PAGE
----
Posted on

X-Men: Children of the Atom

As a lifelong comic book fan seeing my favorite characters take to the streets and engage in fisticuffs was a dream come true. And with Capcom doing the honors there was little to fear. X-Men: Children of the Atom was an awesome game when released in the arcade in 1994 and its home ports would have been welcome if they were a bit timelier. The Saturn version didn’t hit until close to 1997 and the pathetic PS One game wouldn’t see day light until 1998. In that time the genre had not only moved forward but the quality of arcade conversions did as well with many games going above and beyond to even improve on the original game. This home port is adequate but a bit bare bones and while still a good game also faced stiff competition.

X-Men: Children of the Atom in many ways can be viewed as the progenitor of the later versus games seeing as almost the entire game’s roster would later go on to co-star in such games as X-Men vs Street Fighter and Marvel vs. Capcom. Christ even Omega Red, a character most have never heard of got a lot of mileage to say nothing of how broken Sentinel would later become. It offers many of the same features that gamers were familiar while at the same time introducing many elements that would be used throughout many of Capcom’s future games. Although the port was a bit old at the time of release it was still impressive. At least on the Saturn.

The roster does a good job of mixing fan favorite characters along with a few oddball choices. There would have been riots in the streets if Wolverine and Cyclops were not included and they are the go to choice for beginners. Cyclops is the game’s Ryu and surprisingly there is no Ken surrogate. Ice Man, Psylocke, Storm, and Colossus round out the good guys with a motley assortment of villains rounding it out. A Sentinel (a Mark V at that) is included and would go on to be drastically overpowered in later games. Spiral and Omega Red are odd choices but their move sets make for some interesting play styles. Silver Samurai is probably the oddest inclusion as he isn’t as popular as some of the villains they could have used like Apocalypse or Mr. Sinister. Magneto and Juggernaut are reserved as bosses and certainly live up to the title.

Veterans of most standard fighting games will be able to jump right in as this uses the familiar six button setup of 3 punches and 3 kicks. The standard Street Fighter style button combinations apply making this even more accessible. COTA brought a host of additions to the genre such as super jumps (which I’ve never been a fan of) and dash rolls. The move list for most of the characters is pretty small however the game makes up for it by allowing you to control the direction of many special attacks and a very free form combo system. Special moves can be chained together at the end of standard combos and throws for a few extra hits and it isn’t uncommon to see combo strings of 7-10 hits once you learn the system. The X-power gauge is essentially a super meter that can be used in two ways: one for an X-attack which only consumes a small chunk and second for a Hyper X-attack, a devastating move that consumes the whole bar and might as well be an automatic win button because it is so cheap.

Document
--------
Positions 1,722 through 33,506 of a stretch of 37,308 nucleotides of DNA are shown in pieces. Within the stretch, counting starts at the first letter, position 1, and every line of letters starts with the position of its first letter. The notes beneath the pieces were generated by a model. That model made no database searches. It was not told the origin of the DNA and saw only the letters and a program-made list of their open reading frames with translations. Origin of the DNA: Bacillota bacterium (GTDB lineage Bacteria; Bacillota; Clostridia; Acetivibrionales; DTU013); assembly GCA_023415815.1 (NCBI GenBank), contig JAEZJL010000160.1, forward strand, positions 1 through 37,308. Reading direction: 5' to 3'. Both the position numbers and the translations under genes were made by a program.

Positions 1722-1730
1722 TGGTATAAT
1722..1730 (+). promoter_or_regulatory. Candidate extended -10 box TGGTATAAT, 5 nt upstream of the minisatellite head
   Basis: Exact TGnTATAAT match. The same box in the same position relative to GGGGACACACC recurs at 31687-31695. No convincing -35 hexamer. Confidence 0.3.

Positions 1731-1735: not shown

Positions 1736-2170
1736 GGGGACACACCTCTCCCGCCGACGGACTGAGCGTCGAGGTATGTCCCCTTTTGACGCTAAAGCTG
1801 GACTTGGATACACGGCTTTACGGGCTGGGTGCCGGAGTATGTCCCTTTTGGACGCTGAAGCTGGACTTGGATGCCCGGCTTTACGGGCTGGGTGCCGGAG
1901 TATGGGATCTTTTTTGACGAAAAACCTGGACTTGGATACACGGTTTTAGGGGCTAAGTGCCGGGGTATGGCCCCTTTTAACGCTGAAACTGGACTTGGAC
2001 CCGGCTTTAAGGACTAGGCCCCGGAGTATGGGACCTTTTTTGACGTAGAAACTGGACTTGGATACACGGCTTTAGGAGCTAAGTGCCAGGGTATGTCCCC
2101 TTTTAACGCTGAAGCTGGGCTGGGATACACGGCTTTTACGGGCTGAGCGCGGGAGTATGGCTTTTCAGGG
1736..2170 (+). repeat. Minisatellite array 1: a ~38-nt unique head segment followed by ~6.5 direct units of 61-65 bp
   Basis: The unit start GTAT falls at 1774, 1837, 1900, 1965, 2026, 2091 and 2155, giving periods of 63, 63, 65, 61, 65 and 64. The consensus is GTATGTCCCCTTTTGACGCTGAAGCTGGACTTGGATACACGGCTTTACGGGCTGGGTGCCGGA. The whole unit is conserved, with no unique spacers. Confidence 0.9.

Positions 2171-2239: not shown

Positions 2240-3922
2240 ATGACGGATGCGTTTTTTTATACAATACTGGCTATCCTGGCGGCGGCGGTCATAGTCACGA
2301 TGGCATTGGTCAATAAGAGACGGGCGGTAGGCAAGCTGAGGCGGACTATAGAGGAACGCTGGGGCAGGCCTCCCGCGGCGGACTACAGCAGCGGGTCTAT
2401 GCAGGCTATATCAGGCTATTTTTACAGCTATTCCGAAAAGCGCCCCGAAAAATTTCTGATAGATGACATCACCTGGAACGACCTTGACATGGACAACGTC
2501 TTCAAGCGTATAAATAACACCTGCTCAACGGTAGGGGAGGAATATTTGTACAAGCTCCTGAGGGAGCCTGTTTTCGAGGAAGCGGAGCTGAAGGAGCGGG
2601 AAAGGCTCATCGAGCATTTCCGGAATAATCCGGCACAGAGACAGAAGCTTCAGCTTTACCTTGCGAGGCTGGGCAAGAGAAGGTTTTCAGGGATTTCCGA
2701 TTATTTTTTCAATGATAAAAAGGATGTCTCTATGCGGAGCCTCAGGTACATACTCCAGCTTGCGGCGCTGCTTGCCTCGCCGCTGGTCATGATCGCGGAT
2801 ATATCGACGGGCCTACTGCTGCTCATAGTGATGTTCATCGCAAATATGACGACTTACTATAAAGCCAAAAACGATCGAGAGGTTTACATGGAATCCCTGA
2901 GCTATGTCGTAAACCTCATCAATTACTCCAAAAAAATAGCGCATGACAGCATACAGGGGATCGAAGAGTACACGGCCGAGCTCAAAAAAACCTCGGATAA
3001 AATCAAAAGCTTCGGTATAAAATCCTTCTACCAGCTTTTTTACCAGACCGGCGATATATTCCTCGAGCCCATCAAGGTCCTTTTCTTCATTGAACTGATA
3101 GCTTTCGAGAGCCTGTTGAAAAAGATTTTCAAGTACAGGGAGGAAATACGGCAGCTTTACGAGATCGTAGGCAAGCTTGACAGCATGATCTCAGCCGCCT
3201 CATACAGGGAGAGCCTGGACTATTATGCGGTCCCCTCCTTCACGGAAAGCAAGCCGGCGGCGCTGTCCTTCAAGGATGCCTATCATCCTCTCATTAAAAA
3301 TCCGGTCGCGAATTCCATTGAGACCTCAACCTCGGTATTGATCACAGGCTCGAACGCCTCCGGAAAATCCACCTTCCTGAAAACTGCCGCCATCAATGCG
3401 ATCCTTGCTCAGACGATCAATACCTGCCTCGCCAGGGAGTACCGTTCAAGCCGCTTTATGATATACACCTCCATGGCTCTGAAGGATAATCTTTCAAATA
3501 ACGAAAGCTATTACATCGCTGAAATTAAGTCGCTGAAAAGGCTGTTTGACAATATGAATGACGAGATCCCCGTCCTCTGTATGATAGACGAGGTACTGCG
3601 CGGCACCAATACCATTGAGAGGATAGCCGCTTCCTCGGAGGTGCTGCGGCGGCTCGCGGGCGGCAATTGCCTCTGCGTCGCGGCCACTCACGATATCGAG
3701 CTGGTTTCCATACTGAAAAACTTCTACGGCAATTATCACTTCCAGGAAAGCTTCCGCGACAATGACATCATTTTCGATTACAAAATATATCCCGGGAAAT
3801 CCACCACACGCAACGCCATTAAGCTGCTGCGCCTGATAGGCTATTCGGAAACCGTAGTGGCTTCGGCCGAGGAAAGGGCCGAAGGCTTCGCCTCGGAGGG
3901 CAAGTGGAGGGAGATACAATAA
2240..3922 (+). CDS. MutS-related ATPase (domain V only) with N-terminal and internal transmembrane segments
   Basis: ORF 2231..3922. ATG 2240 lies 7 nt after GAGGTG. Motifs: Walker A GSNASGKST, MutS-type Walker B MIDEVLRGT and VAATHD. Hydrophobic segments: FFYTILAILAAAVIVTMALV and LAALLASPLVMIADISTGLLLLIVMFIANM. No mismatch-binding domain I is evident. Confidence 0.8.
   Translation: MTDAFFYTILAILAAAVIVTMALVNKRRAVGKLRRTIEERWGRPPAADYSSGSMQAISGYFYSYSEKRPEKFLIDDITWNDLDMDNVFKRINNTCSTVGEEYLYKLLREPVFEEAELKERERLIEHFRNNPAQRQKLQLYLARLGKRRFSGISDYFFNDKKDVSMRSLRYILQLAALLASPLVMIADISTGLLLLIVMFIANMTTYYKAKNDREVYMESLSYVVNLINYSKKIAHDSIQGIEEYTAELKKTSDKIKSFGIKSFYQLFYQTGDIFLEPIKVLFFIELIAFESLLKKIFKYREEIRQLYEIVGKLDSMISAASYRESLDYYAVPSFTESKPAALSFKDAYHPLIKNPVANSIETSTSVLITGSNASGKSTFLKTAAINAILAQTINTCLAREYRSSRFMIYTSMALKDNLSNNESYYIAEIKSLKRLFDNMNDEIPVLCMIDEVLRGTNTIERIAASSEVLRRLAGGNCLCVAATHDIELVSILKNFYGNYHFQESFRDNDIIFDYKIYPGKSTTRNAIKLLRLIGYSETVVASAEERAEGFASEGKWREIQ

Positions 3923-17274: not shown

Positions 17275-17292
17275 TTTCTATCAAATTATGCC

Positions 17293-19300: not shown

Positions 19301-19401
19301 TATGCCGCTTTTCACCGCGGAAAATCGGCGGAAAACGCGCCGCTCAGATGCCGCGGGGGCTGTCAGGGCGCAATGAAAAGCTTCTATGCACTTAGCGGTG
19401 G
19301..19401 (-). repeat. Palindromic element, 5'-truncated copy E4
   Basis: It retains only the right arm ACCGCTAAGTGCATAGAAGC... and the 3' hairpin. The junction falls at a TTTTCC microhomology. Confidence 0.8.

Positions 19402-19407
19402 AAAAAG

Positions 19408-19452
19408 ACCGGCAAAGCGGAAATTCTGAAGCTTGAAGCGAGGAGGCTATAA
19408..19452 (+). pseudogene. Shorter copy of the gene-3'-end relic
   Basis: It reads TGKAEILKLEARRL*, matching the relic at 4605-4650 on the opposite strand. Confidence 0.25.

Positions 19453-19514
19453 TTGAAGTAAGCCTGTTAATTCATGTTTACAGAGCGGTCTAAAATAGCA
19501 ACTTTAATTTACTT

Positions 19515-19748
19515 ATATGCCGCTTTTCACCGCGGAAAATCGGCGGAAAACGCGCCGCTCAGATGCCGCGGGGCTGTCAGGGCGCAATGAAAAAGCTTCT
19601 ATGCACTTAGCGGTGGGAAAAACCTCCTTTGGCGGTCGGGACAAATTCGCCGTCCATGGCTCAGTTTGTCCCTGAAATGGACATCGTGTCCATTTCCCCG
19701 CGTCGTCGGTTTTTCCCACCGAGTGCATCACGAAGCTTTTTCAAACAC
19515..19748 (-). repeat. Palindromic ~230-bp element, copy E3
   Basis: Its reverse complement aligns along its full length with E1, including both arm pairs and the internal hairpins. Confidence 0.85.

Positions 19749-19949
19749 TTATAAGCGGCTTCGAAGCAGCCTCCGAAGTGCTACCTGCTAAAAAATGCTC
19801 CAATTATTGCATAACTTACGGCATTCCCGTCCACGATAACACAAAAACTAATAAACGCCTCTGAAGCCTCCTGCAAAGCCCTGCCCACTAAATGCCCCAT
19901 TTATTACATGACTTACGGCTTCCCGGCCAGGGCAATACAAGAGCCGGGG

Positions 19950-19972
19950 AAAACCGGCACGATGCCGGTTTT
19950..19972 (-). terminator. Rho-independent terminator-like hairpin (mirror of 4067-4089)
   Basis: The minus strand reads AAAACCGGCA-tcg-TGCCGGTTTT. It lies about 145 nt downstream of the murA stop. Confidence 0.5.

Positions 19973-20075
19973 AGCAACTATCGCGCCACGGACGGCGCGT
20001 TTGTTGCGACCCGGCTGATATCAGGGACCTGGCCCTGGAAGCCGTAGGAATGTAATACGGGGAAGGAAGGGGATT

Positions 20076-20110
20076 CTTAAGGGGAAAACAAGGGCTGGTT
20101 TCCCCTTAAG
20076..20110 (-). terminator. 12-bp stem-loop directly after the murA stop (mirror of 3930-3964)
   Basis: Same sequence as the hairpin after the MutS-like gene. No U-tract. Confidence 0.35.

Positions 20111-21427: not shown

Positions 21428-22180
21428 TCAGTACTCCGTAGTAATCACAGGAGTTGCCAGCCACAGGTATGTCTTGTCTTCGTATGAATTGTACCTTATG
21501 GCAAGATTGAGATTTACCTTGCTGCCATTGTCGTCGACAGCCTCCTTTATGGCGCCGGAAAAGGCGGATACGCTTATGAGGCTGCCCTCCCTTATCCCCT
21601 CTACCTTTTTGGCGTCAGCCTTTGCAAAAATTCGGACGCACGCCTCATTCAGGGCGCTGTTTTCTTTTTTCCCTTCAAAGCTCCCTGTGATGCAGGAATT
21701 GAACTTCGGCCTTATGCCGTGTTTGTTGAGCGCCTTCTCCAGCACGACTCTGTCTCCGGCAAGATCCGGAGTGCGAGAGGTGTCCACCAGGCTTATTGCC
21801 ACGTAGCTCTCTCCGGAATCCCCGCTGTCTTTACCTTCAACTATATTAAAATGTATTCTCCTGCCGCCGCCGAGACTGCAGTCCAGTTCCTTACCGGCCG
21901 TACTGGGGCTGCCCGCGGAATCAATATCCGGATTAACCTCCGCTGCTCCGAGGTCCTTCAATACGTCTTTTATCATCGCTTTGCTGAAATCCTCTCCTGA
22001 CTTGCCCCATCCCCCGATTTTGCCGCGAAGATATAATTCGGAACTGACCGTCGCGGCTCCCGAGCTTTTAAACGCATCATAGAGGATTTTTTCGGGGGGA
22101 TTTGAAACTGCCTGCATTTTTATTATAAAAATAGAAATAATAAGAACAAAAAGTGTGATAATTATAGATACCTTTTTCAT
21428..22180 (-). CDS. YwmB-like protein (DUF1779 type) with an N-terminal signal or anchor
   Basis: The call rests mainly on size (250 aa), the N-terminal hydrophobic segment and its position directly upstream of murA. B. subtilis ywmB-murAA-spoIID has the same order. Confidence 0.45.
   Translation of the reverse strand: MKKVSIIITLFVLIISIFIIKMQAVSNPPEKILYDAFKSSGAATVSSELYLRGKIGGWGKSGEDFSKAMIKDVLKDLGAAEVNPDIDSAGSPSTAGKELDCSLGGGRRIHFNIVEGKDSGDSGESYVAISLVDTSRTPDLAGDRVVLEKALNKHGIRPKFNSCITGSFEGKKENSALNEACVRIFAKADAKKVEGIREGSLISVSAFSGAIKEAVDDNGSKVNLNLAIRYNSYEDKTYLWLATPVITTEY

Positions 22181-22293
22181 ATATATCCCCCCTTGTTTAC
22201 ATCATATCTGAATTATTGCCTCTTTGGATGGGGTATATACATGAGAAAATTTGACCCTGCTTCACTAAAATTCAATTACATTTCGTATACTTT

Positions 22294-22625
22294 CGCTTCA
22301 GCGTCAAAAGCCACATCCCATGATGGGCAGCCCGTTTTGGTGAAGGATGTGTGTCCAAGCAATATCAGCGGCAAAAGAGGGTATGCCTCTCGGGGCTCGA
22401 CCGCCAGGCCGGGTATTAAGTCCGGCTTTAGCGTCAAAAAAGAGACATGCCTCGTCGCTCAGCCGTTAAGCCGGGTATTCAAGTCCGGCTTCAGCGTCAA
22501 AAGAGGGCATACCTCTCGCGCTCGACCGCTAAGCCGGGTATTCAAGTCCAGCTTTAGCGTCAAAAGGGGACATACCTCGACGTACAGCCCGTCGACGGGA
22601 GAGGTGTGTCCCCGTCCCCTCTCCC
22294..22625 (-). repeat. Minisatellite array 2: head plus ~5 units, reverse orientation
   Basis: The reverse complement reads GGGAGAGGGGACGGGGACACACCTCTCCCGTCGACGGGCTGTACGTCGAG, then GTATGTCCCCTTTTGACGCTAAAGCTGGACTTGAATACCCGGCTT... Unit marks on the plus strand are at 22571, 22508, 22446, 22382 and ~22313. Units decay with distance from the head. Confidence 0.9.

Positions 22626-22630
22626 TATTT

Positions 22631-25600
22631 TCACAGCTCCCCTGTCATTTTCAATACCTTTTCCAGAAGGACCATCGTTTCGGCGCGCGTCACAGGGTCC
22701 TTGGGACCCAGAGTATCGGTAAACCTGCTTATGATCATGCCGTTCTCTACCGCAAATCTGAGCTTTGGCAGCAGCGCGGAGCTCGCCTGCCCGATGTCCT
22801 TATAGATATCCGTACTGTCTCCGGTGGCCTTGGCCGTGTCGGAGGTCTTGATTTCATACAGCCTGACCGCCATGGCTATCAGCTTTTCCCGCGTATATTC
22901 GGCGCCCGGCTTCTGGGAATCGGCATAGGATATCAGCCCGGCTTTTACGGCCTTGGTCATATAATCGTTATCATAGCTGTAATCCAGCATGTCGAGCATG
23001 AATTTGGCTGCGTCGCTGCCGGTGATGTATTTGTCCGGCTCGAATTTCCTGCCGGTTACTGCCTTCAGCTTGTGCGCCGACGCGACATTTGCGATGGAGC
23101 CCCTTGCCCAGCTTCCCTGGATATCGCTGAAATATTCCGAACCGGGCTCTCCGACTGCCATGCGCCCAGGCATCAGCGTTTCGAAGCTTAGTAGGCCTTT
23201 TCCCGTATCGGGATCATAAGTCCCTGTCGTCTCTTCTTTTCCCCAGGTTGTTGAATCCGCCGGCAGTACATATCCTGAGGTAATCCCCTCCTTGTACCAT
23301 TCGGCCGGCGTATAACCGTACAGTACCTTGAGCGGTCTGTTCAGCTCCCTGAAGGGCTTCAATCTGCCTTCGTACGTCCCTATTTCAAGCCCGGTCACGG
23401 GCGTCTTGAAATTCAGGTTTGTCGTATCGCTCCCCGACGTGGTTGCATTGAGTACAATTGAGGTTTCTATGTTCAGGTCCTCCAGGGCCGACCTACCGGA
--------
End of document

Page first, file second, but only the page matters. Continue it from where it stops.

The AI is aggressive even on the default setting but most won’t have trouble working their way through arcade mode. Extras are a bit light: the bosses are playable with a code as well as Akuma who surprisingly doesn’t look out of place. There are a variety of extra modes such as group battle and survival to extend the game’s life but compared to arcade conversions like Tekken 2 and Soul Blade this pales in comparison.

image011 image041 image030 image047

At the time of its release COTA was simply incredible. The animation, even when compared to titles like Capcom’s own Darkstalkers was in another league and was joined by multi-storied backdrops that sometimes changed 3 or 4 times during a single match. The sprite work was really something else as both Juggernaut and Sentinel were larger than any other fighting game characters to date. Most of these sprites would be recycled well into the next millennium, for good and for worse. Cramming all of this splendor into the Saturn’s meager ram would have been impossible but the developers have done a good job of keeping it somewhat close. What is left is still a visual feast for the eyes that shows off the Saturn’s prowess with 2d.

The PlayStation version in comparison is a complete abomination. It didn’t take long for most of us to assume that most ports of 2d fighting games would suffer on the PlayStation but this version of the game is atrocious. There is significant loss of frames in animation, sometimes hovering close to 50%. Beyond just the beautiful artwork and backdrops Children of the Atom had astounding animation surpassing even later games from Capcom but you won’t find that here. And the load times are completely unacceptable. You can’t blame it on the platform either; Capcom did a fantastic job with the various versions of Street Fighter Alpha but developer Probe (the fine folks behind the Genesis ports of Mortal Kombat 1 & 2). This version of the game released four years after the arcade at which point I doubt anyone even cared anymore and this was the result. Sad.

Considering the original arcade release was in 1994 it’s amazing that the game was still impressive in 1996 when the Saturn port was released. Despite the various games in the “series” that introduced various gameplay elements Children of the Atom still has a unique feel of its own. That being said however I would say this falls lower on the totem of fighting games for the system no matter how well it turned out due to strong competition.